Charlie Cameron is dejected after Brisbane's was defeated by the Western Bulldogs in the semi-final at The Gabba on September 4, 2021. Picture: Getty Images

THE AFL will not appeal the Tribunal's decision to free Brisbane's Charlie Cameron to play this week after his dumping tackle on Jake Lever, with chief executive Andrew Dillon saying the League had thought the one-match suspension was "right". 

The Match Review Officer on Friday charged Cameron with rough conduct and graded his tackle on Lever as careless conduct, medium impact and high contact, resulting in a one-game ban.

However the AFL Tribunal on Tuesday found "exceptional and compelling circumstances" to use discretion to turn the ban into a fine, citing his previous record and character assessments off the field.


Dillon, speaking on's State of the Game, said the League had viewed the one-game suspension as appropriate for the action. 

"First of all, he wasn't cleared. He pled guilty to the offence and was found guilty of the offence. What the Tribunal did was use a discretion they have in exceptional and compelling circumstances to make a call that's outside the Tribunal framework and they did that," Dillon said.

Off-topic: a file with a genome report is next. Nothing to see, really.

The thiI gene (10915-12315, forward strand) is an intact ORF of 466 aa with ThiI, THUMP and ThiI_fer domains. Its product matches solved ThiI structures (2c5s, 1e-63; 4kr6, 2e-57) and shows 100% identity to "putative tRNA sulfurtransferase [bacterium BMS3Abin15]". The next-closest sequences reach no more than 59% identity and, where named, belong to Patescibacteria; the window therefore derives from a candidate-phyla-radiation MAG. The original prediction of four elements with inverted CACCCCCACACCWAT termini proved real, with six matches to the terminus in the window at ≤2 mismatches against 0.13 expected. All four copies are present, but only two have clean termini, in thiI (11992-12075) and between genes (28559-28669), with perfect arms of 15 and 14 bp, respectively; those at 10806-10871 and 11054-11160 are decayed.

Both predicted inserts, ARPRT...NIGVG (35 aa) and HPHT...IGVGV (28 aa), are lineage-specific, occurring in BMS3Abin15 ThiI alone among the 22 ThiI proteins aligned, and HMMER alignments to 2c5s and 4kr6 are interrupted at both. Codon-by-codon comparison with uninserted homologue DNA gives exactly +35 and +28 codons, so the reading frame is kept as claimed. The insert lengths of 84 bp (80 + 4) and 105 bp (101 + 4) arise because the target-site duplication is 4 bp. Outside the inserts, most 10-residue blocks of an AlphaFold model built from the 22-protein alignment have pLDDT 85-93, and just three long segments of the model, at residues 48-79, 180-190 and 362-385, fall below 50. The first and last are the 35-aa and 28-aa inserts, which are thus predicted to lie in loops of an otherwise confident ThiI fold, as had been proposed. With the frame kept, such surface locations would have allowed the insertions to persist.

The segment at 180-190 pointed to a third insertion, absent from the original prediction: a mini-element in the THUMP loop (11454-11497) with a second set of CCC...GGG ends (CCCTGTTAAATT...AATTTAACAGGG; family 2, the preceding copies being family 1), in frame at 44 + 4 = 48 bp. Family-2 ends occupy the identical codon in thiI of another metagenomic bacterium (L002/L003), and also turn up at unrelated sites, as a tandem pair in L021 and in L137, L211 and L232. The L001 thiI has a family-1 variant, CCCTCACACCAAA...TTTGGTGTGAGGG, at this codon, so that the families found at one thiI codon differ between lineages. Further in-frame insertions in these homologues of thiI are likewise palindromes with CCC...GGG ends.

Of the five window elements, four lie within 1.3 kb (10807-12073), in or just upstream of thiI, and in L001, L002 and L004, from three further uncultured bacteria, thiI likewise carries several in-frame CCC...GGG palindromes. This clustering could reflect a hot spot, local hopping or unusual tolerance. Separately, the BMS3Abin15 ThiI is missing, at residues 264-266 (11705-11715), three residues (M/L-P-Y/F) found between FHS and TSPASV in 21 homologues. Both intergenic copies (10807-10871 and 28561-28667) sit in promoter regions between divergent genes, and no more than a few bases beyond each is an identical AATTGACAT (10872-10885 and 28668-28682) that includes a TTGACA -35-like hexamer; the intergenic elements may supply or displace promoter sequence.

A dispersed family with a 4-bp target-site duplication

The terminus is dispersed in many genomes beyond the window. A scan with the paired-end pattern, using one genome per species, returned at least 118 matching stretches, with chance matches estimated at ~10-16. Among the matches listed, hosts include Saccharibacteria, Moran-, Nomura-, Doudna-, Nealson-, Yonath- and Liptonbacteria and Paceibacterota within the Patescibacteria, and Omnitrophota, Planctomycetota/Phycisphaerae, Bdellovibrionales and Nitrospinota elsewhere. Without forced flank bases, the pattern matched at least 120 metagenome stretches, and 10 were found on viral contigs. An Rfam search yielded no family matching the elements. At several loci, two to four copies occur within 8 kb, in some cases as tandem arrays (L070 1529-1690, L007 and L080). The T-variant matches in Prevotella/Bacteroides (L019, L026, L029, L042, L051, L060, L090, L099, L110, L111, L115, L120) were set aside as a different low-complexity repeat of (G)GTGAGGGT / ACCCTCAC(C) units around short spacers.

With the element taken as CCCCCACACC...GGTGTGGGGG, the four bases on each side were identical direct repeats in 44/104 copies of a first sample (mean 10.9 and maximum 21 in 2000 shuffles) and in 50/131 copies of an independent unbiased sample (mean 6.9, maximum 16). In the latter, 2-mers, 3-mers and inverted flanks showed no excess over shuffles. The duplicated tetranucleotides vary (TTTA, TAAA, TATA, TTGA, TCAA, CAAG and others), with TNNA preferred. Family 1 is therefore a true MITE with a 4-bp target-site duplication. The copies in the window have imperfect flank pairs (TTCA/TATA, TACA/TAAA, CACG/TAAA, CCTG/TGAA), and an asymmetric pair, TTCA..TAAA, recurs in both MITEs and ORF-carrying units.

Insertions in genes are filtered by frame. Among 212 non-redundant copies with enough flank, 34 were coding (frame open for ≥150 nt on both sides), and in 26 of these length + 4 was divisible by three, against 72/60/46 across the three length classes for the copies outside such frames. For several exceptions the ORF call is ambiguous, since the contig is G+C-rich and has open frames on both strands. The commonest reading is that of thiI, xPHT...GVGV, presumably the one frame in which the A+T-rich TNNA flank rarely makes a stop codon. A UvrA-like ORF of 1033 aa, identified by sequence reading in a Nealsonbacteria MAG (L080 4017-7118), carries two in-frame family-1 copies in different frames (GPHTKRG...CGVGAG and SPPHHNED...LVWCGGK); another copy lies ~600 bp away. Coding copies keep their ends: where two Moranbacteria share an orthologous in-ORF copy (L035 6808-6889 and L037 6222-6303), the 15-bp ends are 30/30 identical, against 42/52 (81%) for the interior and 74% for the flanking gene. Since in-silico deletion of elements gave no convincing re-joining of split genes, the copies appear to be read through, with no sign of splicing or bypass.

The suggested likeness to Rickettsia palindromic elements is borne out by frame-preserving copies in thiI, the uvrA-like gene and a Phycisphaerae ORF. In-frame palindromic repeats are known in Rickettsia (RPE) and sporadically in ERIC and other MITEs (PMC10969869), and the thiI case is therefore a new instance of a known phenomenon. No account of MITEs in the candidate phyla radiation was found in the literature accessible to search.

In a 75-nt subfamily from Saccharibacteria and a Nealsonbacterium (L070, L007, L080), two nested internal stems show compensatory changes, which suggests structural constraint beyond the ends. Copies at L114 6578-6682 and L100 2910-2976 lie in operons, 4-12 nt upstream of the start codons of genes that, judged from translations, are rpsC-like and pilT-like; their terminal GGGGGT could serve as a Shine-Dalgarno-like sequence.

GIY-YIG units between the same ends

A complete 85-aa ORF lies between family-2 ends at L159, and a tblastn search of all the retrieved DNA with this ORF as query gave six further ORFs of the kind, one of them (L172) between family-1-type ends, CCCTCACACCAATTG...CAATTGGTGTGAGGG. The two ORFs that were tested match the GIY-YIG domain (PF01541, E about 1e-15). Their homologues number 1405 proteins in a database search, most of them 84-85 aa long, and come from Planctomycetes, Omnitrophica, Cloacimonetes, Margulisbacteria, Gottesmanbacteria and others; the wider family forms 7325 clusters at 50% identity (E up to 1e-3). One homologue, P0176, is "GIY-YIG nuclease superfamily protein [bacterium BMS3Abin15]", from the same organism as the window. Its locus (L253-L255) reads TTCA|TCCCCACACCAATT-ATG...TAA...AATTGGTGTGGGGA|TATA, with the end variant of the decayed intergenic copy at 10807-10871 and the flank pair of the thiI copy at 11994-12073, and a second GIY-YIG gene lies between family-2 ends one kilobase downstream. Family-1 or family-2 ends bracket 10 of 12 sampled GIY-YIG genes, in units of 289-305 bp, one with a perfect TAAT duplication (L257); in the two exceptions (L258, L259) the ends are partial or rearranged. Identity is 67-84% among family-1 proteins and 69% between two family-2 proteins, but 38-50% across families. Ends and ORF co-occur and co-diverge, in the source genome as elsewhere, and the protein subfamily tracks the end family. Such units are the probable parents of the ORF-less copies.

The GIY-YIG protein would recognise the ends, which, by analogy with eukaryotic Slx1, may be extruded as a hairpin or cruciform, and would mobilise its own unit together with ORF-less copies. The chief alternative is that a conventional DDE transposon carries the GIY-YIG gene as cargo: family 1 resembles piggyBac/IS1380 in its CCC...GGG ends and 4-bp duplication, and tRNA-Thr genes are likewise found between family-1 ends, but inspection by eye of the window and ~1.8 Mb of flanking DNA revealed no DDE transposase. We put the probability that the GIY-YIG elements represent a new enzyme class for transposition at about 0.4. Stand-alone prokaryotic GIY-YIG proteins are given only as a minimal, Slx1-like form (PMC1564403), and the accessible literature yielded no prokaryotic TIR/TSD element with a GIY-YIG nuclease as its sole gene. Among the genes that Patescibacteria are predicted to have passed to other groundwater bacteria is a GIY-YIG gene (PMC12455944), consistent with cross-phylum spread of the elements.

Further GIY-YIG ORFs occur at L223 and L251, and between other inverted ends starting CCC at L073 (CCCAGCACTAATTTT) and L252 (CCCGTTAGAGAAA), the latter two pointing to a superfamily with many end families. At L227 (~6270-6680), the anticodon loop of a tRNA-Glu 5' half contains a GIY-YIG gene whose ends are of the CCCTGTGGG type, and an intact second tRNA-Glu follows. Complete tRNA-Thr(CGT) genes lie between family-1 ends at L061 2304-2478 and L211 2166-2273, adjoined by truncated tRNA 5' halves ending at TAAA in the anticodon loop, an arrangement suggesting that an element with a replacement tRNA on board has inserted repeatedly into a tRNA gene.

"There were, from the Tribunal chair, there were a number of compelling circumstances and they were first of all that he pled guilty, second of all the number of games he's played without suspension, thirdly that the player didn't suffer an injury and the fourth one was that it was at the lower end of careless.


"There were a number of circumstances that went into that. What I will say from an AFL point of view is I was really happy with the way the MRO graded it with a one-match suspension and that was what we were hoping the outcome would be."

The AFL on Wednesday weighed up appealing the verdict but has decided against it, although it will review the process later in the year. 

"No, we won't appeal. We have had a look at that and we think the discretion was there for the Tribunal to use. But as I said, the MRO graded it a one-match suspension and that's where we thought the right result would have been," he said. 


"We'll look at the Tribunal and the way we go for the rest of the year but as we do at the end of every year we'll review our Tribunal guidelines."

Dillon said the AFL would assess whether character references were worthy of any impact on Tribunal judgments in the future. 

"I think that's one of the things we would look at towards the end of the year," he said.